Sports and safety have come a long way. Just look at the evolution of gear in American Football. What started out as leather helmets and minimal padding has grown into high grade composite helmets and a veritable suit of armor for the upper torso. That being said, players still get hurt, sometimes badly. Some may claim technology will someday render sports completely safe. But then one may ask, â€œWhatâ€™s the point?â€ Sports are all about pushing performance and physical endurance to the limit. If thereâ€™s no physical risk then is it even a sport? As long as sports exist, there will always be some danger. With the Olympics coming up in Beijing, some are more dangerous than others.
Letâ€™s start it off right. Pole Vaulting is THE most dangerous sport in the Olympic Games. Heh, whatâ€™s that you say? You donâ€™t believe me? You think this sport is benign? Perhaps it requires exceptional skill, poise, athleticism, and accuracy, but itâ€™s hardly dangerous? â€œAfter allâ€™, you might remark, â€˜the athlete lands on this big thick pad. Nice and soft, even… FUN?â€ You probably think you know where Iâ€™m going. You probably think Iâ€™m going to bring up the chance of missing that big cushy pad and hitting the hard, unforgiving ground. Hardly. So why is it dangerous? Why do I feel comfortable telling you, dear reader, that Pole Vaulting is the most dangerous sport of all time? Simple. This one, single video.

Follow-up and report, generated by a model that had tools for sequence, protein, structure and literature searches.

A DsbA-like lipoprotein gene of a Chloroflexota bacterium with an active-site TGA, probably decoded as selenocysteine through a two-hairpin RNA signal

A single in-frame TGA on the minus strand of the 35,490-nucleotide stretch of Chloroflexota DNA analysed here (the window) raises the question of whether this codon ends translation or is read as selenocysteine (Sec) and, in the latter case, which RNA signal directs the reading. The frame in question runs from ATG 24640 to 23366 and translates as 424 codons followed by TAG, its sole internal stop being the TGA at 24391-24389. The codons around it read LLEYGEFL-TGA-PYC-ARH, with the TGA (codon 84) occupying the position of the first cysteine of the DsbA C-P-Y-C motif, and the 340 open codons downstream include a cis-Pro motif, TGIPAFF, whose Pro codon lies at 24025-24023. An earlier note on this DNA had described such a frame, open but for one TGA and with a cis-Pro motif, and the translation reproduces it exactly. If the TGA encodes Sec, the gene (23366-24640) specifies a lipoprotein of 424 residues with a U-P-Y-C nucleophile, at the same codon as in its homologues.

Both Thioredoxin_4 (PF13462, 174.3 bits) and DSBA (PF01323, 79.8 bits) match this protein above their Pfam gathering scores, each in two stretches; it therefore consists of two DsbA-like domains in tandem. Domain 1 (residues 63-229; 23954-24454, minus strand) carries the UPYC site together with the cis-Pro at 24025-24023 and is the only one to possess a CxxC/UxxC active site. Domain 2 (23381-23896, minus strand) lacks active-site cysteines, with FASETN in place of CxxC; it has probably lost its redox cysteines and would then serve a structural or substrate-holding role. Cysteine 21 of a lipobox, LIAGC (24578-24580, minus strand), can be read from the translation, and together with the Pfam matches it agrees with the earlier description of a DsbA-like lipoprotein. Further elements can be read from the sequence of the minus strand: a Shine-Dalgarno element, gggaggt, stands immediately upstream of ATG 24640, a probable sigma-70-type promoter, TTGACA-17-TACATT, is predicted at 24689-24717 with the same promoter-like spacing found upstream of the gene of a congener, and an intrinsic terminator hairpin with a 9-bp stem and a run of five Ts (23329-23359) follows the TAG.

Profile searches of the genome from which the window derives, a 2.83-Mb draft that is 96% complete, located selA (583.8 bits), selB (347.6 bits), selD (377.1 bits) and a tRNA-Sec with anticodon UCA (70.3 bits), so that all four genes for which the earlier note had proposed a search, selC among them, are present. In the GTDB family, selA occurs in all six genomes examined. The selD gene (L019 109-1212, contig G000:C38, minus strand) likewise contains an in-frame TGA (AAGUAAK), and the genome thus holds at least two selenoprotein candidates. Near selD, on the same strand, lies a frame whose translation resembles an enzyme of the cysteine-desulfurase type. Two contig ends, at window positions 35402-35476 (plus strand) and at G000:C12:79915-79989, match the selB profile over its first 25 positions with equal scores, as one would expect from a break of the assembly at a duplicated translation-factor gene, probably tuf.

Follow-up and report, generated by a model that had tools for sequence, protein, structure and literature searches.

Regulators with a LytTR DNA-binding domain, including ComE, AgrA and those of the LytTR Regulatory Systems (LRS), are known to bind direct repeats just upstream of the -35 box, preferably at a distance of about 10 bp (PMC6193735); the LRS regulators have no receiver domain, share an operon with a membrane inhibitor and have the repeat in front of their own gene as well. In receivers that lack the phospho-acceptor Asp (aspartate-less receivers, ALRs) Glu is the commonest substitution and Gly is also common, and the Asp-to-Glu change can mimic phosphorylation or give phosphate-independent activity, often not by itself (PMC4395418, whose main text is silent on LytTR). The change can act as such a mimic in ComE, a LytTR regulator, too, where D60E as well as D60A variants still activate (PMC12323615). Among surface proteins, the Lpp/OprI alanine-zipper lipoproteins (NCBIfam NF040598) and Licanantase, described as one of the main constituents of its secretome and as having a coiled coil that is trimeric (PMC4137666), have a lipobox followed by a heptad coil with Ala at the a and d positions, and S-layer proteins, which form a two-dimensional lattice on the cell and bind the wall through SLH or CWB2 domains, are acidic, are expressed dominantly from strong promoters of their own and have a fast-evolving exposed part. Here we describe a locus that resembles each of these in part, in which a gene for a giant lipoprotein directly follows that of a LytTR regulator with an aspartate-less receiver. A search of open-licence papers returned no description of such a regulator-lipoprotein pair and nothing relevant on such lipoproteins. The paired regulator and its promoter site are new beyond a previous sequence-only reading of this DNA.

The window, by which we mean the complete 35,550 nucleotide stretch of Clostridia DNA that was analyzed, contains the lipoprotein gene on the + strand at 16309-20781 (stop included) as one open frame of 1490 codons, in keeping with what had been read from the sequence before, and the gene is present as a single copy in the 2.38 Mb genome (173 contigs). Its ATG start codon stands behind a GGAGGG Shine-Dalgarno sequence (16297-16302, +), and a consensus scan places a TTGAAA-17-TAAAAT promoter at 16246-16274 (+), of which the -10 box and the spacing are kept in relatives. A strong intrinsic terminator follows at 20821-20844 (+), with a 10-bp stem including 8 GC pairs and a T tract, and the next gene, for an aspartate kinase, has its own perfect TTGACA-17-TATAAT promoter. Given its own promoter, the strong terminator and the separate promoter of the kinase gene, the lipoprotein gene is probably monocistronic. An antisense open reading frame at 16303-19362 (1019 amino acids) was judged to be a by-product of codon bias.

When it comes to American Sports and danger, most bee-line straight for American Football. Thereâ€™s a couple reasons itâ€™s not on this list. One, itâ€™s not an Olympic sport (so stop whining); the other is the simple fact that basketball sees more injuries than American football. Now, granted, the score is skewed. American Football is definitely more brutal, but this brutality is acknowledged and accounted for. In other words, the players wear armor. They suit up. And because of their equipment they get injured less. In Basketball, while there is considerably less physical contact, when the players do collide they tend to get hurt since neither of them are wearing anything constituting real protection. Not only that , basketball players are actually quite massive. So take two American football players. Stretch them out so theyâ€™re the same mass, but about a foot taller. Then, have them collide in mid-air over a solid floor. One, if not both of them, are going to get hurt.